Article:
6.

C. Chen, A. Laronche, G. Bouwmans, L. Bigot, Y. Quiquempois, and J. Albert, “Sensitivity of photonic crystal fiber modes to temperature, strain and external refractive index,” Opt. Express 16(13), 9645–9653 (2008). [CrossRef] [PubMed]

7.

F. Du, Y.-Q. Lu, and S.-T. Wu, “Electrically tunable liquid-crystal photonic crystal fiber,” Appl. Phys. Lett. 85(12), 2181–2183 (2004). [CrossRef]

8.

D. Passaro, M. Foroni, F. Poli, A. Cucinotta, S. Selleri, J. Laegsgaard, and A. O. Bjarklev, “All-silica hollow-core microstructured Bragg fibers for biosensor application,” IEEE Sens. J. 8(7), 1280–1286 (2008). [CrossRef]

9.

D. Monzón-Hernández, V. P. Minkovich, J. Villatoro, M. P. Kreuzer, and G. Badenes, “Photonic crystal fiber microtaper supporting two selective higher-order modes with high sensitivity to gas molecules,” Appl. Phys. Lett. 93(8), 081106 (2008). [CrossRef]

10.

H.-Y. Lin, W.-H. Tsai, Y.-C. Tsao, and B.-C. Sheu, “Side-polished multimode fiber biosensor based on surface plasmon resonance with halogen light,” Appl. Opt. 46(5), 800–806 (2007). [CrossRef] [PubMed]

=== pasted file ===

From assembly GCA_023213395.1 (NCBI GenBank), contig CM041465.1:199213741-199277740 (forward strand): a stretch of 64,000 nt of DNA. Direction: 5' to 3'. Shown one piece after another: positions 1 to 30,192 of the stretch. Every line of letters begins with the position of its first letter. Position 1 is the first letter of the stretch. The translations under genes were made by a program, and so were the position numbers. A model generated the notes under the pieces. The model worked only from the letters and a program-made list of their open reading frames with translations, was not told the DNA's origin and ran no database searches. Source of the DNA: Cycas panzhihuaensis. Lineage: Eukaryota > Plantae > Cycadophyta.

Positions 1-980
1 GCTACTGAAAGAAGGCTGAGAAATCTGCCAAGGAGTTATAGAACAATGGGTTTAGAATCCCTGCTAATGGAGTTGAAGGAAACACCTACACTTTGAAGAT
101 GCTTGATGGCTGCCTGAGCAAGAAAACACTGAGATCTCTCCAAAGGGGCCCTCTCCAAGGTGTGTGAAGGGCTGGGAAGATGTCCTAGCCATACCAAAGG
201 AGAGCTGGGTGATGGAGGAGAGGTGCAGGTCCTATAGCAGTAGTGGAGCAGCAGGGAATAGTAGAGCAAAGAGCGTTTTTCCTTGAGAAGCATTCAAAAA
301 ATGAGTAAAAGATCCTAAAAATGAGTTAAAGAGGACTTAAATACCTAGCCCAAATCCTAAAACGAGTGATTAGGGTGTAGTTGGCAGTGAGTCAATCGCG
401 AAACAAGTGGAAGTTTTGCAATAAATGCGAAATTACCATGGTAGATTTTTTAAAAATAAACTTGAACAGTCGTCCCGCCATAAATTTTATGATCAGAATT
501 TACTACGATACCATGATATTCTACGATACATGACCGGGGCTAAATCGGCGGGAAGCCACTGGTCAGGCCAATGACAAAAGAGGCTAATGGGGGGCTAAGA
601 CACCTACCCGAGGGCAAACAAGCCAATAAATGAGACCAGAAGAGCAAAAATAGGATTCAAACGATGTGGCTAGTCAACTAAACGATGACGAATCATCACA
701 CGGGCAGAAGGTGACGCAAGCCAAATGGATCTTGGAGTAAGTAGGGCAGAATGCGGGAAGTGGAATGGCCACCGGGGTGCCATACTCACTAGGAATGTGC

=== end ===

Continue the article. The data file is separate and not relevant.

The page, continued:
11.

H. Ditlbacher, N. Galler, D. M. Koller, A. Hohenau, A. Leitner, F. R. Aussenegg, and J. R. Krenn, “Coupling dielectric waveguide modes to surface plasmon polaritons,” Opt. Express 16(14), 10455–10464 (2008). [CrossRef] [PubMed]

12.

X. Yu, Y. Zhang, S. Pan, P. Shum, M. Yan, Y. Leviatan, and C. Li, “A selectively coated photonic crystal fiber based surface plasmon resonance sensor,” J. Opt. 12(1), 015005 (2010). [CrossRef]

13.

E. Pone, A. Hassani, S. Lacroix, and M. Skorobogatiy, "A Pressure Sensor Based on the Loss Birefringence of a Microstructured Optical Fiber Containing Metal Coated Elliptical Inclusions," in Conference on Lasers and Electro-Optics/Quantum Electronics and Laser Science Conference and Photonic Applications Systems Technologies, OSA Technical Digest (CD) (Optical Society of America, 2008), paper CMZ3.

14.

H. W. Lee, M. A. Schmidt, H. K. Tyagi, L. P. Sempere, and P. S. J. Russell, “Polarization-dependent coupling to plasmon modes on submicron gold wire in photonic crystal fiber,” Appl. Phys. Lett. 93(11), 111102 (2008). [CrossRef]

15.

J. Homola, “On the sensitivity of surface-plasmon resonance sensors with spectral interrogation,” Sens. Actuators B Chem. 41(1-3), 207–211 (1997). [CrossRef]

16.

B. Lee, S. Roh, and J. Park, “Current status of micro- and nano-structured optical fiber sensors,” Opt. Fiber Technol. 15(3), 209–221 (2009). [CrossRef]

17.

R. Paschotta, (2008, Oct). Encyclopedia of Laser Physics and Technology. [Online]. Available: http://www.rp-photonics.com/encyclopedia.html

18.